Hollywood makes bad motion pictures all the time. Often they’re highly enjoyable pieces of schlock that divert your attention for 90 minutes before disappearing from memory. In some cases they’re unwatchable slogs, similarly unworthy keeping in mind. There are the debacles of the release calendar: genuine disasters such as Dolittle, the likes of which are rarer than a talking dragonfly. The most recent adaptation of Hugh Lofting’s whimsical 1920 s stories about a doctor who can communicate animals stars Robert Downey Jr. and a boatload of CGI animals, and clearly no cost has been spared in bringing it to the big screen. That doesn’t keep it from being one of the worst cinematic mess I’ve seen in years.
The movie is credited to the director Stephen Gaghan, the Oscar-winning writer of Traffic, whose best-known works (such as Syriana) revolve around the geopolitics of drug trades and terrorism. Why he was brought aboard for a pricey kids’s film about wisecracking animals is beyond me, but he didn’t complete it alone; Dolittle supposedly went through significant reshoots mandated by the studio, and it reveals. The end result is a motion picture in which most lines are provided from offscreen, silly animal jokes are utilized to paper over an incoherent structure, and Downey Jr., one of Hollywood’s the majority of charismatic stars, seems entirely disengaged. It’s transfixing at times, if just because it’s such a catastrophe.
It would be an exaggeration to say that Dolittle has a plot. The viewing experience more looks like a series of malfunctioning screen savers in which Downey Jr. jerks his head left and right while animals gallivant around him, complaining of numerous ailments while tossing off hacky one-liners. The only part of this horrifying tableau that changes is the scenery. Sometimes Dolittle remains in the whimsically broken-down mansion where he lives with his different bestial patients and nurses a damaged heart over a long-lost love; in some cases he’s on a boat sailing the high seas, or in an oceanic pirate nation, or in a mystical dragon-guarded cavern. How he gets to these places is primarily unclear, though some really eager narration by a parrot called Polynesia (played by Emma Thompson) attempts to rationalize every storytelling disparity.
The tale she’s entrusted with justifying is as follows: Dolittle, a gruff male with a failing Welsh accent (one of a number of baffling efficiency options by Downey Jr.), is prepared into service by 2 plucky kids called Tommy (Harry Collett) and Woman Rose (Carmel Laniado). His mission, you see, is to conserve Queen Victoria (Jessie Buckley), who has fallen into a coma, perhaps because she’s being poisoned by her aides-de-camp Blair Müdfly (Michael Sheen) and Lord Badgley (Jim Broadbent). The only way to revive Her Majesty is to recover a wonderful fruit from a concealed kingdom. The treacherous journey requires the involvement of almost all of Dolittle’s furry friends, including an ornery polar bear (John Cena), a wisecracking ostrich (Kumail Nanjiani), and an afraid gorilla (Rami Malek).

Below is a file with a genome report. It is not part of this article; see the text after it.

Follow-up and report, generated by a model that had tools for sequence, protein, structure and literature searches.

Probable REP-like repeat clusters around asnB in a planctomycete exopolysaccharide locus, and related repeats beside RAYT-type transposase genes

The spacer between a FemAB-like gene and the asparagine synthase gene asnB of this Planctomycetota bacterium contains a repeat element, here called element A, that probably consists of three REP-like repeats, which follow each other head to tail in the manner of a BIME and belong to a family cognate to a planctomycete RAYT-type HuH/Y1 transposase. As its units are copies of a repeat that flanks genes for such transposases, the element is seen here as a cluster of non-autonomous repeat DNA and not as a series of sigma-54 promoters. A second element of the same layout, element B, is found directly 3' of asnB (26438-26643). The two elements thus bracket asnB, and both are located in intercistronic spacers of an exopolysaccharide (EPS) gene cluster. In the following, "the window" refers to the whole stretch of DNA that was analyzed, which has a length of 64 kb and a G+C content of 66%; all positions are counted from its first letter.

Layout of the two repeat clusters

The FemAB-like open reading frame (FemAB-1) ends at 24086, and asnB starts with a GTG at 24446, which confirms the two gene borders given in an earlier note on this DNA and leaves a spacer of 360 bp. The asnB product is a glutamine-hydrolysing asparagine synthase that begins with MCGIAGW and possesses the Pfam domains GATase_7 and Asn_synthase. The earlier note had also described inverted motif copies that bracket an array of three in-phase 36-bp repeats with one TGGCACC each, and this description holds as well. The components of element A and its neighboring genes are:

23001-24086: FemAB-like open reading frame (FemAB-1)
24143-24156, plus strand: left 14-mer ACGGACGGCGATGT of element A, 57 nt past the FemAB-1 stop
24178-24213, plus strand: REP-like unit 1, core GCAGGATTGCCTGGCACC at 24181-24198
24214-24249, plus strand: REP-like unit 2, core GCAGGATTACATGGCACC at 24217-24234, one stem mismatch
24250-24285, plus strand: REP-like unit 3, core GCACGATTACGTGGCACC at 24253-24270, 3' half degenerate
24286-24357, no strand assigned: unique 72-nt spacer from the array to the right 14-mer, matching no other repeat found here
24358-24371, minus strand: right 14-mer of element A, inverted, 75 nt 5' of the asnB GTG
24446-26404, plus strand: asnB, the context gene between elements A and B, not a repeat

The occasions in the above paragraph may seem like feverish ramblings. In truth, they are the components of a narrative so bowdlerized, only a boardroom of studio executives might have created it. Any emotional through line that was originally meant for this movie has actually long considering that vanished, although there are vestigial tips of a more sensical character arc including Dolittle’s withdrawal from society and his efforts to reconstruct both his own mental health and the well-being of his animal patients. A minimum of, that’s the only explanation I can think of for a scene in which a gorilla called Chee-Chee covers his confront with his hands and screams, “I am not a detainee to fear!”
I can understand why such a task caused enough studio panic to prompt reshoots; those pensive moments in Dolittle might never ever have actually worked and certainly stick out here. Yet the lighter product is even more bewildering; the movie is basically one and a half hours of star voice-overs discovering various methods to say, “That’s got ta hurt!” Characters appear and vanish from the action with no description; at one point, Dolittle and company are invited aboard a brand-new boat by a bearded male who reveals “I’m Jeff!” and is never seen or discussed again. Somehow, the supporting cast of humans emerges mainly untouched– Antonio Banderas is an engaging pirate king, Shine a hilariously preening villain. That hardly matters in a film where 90 percent of the discussion consists of bargain-basement comedy zingers provided by ducks and squirrels.
Then there’s Downey Jr., who hasn’t appeared in a non-Marvel film given that 2014’s The Judge To shake off his past years of work as the cherished Tony Stark, he has decided on an efficiency that can just be referred to as anti-charming; he’s more of a collection of tics and grunts than a human being. His Welsh accent is unreasonable– when it’s audible. More often than not, Downey Jr. looks bored, unamused by the CGI shenanigans swirling around him, and even less interested in whatever lightweight action he’s supposed to be driving forward. He might be able to talk to the animals, but the good medical professional should have spoken with a competent film writer, or perhaps simply to his representative, prior to getting embroiled in a mess like this one.
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David Sims is a staff writer at The Atlantic, where he covers culture.